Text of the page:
Disclaimer: Both the publisher and author have used their best efforts in preparation of this information. No representations or warranties for its contents, either expressed or implied, are offered or allowed and both parties disclaim any implied warranties of merchantability or fitness for your particular purpose. The advice and strategies presented herein may not be suitable for you, your situation or business. Consult with a professional advisor where and when appropriate. Neither the publisher nor author shall be liable for any loss of profit or any other damages, including but not limited to special, incidental, consequential or punitive, arising from or relating to your reliance on this information.

Questions & Answers

    © 2017 Heidi Thorne

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    • heidithorne profile imageAUTHOR

      Heidi Thorne 

      7 months ago from Chicago Area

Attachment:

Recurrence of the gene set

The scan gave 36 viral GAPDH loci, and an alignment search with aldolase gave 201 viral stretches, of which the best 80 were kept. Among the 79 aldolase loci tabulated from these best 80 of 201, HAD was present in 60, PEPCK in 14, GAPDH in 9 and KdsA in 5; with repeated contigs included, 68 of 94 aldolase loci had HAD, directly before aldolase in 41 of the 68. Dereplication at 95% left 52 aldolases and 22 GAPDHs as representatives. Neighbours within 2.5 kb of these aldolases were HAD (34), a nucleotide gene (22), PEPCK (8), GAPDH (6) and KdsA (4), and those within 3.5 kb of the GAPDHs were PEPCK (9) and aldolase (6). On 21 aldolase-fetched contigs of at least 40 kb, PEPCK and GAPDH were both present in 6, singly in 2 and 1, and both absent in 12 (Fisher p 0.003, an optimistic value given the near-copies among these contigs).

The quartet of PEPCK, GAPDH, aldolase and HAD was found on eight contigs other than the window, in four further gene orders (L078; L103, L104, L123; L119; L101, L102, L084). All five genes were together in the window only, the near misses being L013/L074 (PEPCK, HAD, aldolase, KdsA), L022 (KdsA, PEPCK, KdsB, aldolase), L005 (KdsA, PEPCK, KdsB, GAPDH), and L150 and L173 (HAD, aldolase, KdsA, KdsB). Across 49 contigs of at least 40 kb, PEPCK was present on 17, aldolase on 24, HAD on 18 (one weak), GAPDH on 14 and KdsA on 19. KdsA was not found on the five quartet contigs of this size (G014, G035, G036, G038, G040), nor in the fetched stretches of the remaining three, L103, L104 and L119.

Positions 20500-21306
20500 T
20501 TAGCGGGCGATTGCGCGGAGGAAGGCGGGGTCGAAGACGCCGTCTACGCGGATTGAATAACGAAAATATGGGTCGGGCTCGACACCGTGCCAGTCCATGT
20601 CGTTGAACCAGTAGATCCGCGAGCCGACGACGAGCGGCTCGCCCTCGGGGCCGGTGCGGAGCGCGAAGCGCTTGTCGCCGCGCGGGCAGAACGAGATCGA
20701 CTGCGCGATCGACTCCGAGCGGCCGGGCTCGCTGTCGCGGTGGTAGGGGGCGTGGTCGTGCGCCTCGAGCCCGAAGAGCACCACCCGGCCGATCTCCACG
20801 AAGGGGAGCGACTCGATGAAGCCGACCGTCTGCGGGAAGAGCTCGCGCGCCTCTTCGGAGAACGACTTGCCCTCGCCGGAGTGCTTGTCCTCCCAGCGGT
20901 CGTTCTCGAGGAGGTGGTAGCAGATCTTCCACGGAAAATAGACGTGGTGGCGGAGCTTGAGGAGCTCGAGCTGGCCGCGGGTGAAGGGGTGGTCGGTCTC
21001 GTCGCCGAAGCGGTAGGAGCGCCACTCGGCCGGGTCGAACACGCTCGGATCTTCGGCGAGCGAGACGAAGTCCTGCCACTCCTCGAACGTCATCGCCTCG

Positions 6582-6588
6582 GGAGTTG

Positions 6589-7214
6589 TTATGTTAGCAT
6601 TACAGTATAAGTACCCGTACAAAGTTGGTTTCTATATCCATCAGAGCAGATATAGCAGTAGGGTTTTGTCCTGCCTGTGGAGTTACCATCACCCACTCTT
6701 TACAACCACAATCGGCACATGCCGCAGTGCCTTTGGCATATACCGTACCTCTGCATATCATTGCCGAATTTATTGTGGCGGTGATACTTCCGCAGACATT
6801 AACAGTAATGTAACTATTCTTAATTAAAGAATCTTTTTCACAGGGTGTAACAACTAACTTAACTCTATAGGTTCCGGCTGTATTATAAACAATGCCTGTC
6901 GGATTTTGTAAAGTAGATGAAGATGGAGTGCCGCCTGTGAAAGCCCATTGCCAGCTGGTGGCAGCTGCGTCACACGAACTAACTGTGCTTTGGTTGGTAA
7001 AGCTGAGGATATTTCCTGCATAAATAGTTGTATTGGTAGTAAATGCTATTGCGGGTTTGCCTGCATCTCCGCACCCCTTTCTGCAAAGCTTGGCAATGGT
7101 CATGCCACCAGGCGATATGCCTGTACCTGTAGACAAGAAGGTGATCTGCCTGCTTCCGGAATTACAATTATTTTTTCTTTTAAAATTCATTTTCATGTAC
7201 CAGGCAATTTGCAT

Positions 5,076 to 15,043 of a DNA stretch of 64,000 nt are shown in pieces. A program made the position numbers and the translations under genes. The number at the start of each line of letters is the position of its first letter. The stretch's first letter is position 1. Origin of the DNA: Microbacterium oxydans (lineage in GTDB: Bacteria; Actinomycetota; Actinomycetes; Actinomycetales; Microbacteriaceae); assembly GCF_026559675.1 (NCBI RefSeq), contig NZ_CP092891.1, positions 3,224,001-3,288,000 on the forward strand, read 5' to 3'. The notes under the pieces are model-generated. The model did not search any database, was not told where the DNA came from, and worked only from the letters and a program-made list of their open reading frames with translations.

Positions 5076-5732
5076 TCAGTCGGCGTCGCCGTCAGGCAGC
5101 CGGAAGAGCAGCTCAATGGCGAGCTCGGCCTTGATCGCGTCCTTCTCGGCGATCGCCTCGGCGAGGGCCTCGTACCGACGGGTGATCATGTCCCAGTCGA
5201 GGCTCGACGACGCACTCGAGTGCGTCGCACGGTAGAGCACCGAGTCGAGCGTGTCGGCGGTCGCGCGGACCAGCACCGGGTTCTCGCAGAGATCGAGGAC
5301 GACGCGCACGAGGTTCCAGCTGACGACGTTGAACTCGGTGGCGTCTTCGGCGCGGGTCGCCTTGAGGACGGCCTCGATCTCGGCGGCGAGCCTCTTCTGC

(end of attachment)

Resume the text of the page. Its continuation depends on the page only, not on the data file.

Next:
Larry, glad you found it helpful! We're all a little fuzzy on some things and luckily we can all learn from each other. Thanks so much for stopping by and have a great rest of the weekend!

    • heidithorne profile imageAUTHOR

      Heidi Thorne 

      7 months ago from Chicago Area

      Linda, the authors I've done critiques for have often been surprised at what they learn from the critique process. For some, it was the tool they needed to turn their manuscripts into something greater than even they had hoped. Thanks for stopping by and have a lovely weekend!

    • heidithorne profile imageAUTHOR

      Heidi Thorne 

      7 months ago from Chicago Area

      Flourish, actually that grad student critique was win-win for all parties: The writers got a more educated (and, we hope, unbiased) critique, the grad students got experience evaluating a variety of written works, and the prof got a break from reading it all. :) Thanks for providing a great real world example. Hope you're enjoying the rest of the Thanksgiving weekend. Cheers!

    • Larry Fish profile image

      Larry W Fish 

      7 months ago from Raleigh

      Another great article, Heidi. You give very good advice and have explained some things that I personally have been a little fuzzy on. Thanks for your good explanations.

    • AliciaC profile image

      Linda Crampton 

      7 months ago from British Columbia, Canada